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Japanese Buddhist Ritual Temple Banner (Ban)
The streamer is made of silk with paper sandwiched between the front and back layers for stiffness. The streamer has decorative hand sewn sashiko stitching as seen in the photo. It has a black wooden header with hand wrought metal (copper alloy) decorations.
Dated Taisho 10th year (1921) from Kyoto
Condition The banner is in very good overall condition, no holes and no tears in silk. A small portion of the black lacquer on the wooden header has peeled off. (see photo)
7.8 feet long, 240 cm
10 inches wide, 25 cm
13 wide wood header, 32 cm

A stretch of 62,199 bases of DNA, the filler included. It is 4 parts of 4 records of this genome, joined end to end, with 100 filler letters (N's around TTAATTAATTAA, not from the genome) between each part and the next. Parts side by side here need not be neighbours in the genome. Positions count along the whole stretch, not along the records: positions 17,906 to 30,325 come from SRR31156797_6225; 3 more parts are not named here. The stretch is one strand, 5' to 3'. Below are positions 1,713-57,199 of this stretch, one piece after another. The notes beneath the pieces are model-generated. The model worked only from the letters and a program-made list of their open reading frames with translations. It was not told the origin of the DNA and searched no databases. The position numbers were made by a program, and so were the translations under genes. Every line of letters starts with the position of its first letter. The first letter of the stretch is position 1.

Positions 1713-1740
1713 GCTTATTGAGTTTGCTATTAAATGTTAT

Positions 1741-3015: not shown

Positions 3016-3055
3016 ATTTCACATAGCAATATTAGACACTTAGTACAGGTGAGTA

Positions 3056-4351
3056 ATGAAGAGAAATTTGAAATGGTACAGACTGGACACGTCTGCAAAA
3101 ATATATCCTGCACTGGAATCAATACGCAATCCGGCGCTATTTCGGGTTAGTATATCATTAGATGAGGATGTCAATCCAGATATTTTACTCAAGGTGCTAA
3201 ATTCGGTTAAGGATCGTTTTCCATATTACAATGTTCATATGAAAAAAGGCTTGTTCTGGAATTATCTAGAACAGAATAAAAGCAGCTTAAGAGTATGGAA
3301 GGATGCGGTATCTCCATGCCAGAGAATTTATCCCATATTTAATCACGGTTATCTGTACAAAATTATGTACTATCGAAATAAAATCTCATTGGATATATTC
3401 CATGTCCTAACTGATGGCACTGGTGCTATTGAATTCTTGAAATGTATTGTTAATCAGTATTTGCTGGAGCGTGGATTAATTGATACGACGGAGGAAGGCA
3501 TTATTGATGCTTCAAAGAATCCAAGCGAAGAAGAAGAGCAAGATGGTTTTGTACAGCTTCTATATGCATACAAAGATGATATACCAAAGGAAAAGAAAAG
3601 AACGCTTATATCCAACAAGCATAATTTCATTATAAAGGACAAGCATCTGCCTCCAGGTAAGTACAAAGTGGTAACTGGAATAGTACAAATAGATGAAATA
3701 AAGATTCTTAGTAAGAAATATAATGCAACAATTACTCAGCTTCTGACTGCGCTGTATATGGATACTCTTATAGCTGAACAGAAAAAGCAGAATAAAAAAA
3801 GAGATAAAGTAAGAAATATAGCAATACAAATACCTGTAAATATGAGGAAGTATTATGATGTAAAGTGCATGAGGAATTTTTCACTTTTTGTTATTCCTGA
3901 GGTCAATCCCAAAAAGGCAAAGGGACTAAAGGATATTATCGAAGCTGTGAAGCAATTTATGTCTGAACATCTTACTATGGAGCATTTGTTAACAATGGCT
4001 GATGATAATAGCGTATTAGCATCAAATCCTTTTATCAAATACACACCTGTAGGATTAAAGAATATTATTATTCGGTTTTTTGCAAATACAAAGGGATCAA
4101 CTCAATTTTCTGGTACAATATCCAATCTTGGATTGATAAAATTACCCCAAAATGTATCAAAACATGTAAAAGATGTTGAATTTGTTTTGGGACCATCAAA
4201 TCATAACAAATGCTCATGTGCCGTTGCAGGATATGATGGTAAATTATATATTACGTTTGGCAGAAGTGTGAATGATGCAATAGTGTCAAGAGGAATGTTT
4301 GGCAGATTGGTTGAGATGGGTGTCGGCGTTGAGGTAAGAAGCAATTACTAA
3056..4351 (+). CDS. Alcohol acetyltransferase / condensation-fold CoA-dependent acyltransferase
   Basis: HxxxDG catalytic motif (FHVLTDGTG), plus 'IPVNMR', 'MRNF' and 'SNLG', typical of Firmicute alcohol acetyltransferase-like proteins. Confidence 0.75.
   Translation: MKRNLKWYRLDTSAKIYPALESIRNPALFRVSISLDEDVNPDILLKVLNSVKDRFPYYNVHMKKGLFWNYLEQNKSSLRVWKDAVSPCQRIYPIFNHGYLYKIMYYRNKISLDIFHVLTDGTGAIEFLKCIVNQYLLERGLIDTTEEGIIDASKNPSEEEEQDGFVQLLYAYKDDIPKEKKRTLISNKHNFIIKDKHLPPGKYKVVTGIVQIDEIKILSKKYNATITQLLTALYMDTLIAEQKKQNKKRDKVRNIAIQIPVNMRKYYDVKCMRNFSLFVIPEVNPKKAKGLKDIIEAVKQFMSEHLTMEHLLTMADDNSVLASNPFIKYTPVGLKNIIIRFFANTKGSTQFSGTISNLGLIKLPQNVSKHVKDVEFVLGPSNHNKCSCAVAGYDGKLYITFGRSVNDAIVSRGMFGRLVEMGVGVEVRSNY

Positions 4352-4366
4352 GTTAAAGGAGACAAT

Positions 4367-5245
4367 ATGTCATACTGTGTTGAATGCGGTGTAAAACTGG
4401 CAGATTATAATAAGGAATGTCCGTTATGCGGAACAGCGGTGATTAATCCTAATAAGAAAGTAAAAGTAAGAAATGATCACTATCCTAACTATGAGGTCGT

Medium-Heavy Weight
Back side solid red silk (photo 2)
This long silk streaming banner (called Ban in Japanese) was displayed in front of a Buddhist temple during a religious memorial period. The Japanese kanji reverse side has the name of the deceased (Tamezawa Tomoteru) and those who donated this banner to the temple (Kanda Haru & Kanda Tama). This memorial banner style has been used in Japan for over a 1,000 years, dating back to the 700s and is similar to banners seen at Todai-ji Temple in Japan's ancient capital of Nara